Fargo, N.D. – Several NDSU students, researchers and faculty presented research at the annual Transportation Research Forum March 15-17 in Tampa, Fla. The forum is an independent organization of transportation professionals, academics and practitioners. Each spring, it brings together transportation professionals to participate in research presentations, plenary panels and discussions.
Upper Great Plains Transportation Institute researchers Pan Lu and Denver Tolliver presented “Modeling Pavement Performance and Preservation.” The presentation covered complex decisions highway agencies must make about maintaining, repairing and renewing existing pavements in the most cost-effective ways. The researchers indicated that decision makers need to learn to what degrees different pavement preservation treatments will improve a pavement condition, how pavement conditions will change over time, when to apply which treatment to what section and what budget level will be needed to maintain and improve pavement conditions.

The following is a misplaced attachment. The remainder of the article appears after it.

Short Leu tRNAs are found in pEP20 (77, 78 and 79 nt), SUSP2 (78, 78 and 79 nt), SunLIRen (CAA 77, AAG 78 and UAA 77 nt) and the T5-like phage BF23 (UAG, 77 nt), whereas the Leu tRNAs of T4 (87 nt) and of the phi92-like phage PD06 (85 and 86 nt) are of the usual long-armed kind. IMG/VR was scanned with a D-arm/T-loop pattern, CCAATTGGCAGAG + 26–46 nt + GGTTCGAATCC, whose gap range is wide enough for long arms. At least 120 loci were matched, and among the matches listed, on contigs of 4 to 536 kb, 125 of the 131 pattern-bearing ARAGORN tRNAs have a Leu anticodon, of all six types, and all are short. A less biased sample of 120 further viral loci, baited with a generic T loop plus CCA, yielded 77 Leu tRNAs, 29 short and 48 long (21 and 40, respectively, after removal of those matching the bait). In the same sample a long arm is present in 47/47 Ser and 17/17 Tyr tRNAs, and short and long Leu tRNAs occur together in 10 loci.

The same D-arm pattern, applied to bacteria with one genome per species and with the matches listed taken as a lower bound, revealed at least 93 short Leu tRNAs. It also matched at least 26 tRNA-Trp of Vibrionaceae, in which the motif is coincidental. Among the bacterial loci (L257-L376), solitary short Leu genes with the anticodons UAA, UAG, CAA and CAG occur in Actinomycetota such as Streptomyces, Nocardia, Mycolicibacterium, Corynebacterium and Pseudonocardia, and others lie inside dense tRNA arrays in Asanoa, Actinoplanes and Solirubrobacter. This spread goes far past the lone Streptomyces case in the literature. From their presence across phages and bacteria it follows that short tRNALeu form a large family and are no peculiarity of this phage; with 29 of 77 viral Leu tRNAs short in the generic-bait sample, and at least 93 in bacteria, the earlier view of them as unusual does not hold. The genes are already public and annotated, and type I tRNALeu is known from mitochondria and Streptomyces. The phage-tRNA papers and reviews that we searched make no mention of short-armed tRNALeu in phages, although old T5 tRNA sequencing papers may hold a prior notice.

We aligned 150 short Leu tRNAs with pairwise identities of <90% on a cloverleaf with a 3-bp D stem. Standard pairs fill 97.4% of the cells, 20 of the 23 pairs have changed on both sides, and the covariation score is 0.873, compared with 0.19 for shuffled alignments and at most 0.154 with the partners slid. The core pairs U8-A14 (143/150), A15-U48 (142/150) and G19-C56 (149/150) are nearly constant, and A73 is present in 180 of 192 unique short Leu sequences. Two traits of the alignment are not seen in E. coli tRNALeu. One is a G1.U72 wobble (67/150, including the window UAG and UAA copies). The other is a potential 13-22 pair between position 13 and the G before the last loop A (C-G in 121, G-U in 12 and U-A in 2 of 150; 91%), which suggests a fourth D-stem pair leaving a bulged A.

Sumadhur Shakya, transportation and logistics student at NDSU; William Wilson, NDSU professor of agribusiness and applied economics; and researcher Bruce Dahl presented “Pulsating Market Boundaries and Spatial Arbitrage in the U.S. Gulf.” Their study focused on pulsating market boundaries due to spatial arbitrage of corn grown in the United States to Japan and Asia, with special emphasis on Panama-Canal expansion. The presentation discussed the role of the capacity expansion of the Panama Canal and its effect on the corn market boundary in the Midwest regions.
EunSu Lee, a researcher in the Upper Great Plains Transportation Institute, presented “Impetus to Short Sea Shipping Lines through Marine Highways.” The presentation explored the feasibility of the combination of inland transportation and marine highways to handle increasing import and export activities through U.S. water transportation networks.
NDSU transportation and logistics student Christopher DeHaan and Tolliver presented “Transporting Water for Hydraulic Fracturing.” The study of the oil drilling in North Dakota’s Bakken formation analyzed the importance of water transportation for oil development. In the session, the audience had the opportunity to debate environmental and energy issues related to oil. The forum also included a graduate symposium aimed at helping students understand potential career opportunities with discussion from academic, industry and government officials. The event was coordinated by David Ripplinger, a researcher in NDSU’s agribusiness and applied economics department. “It was a great way to learn of the possibilities and expectations of each sector,” DeHaan said.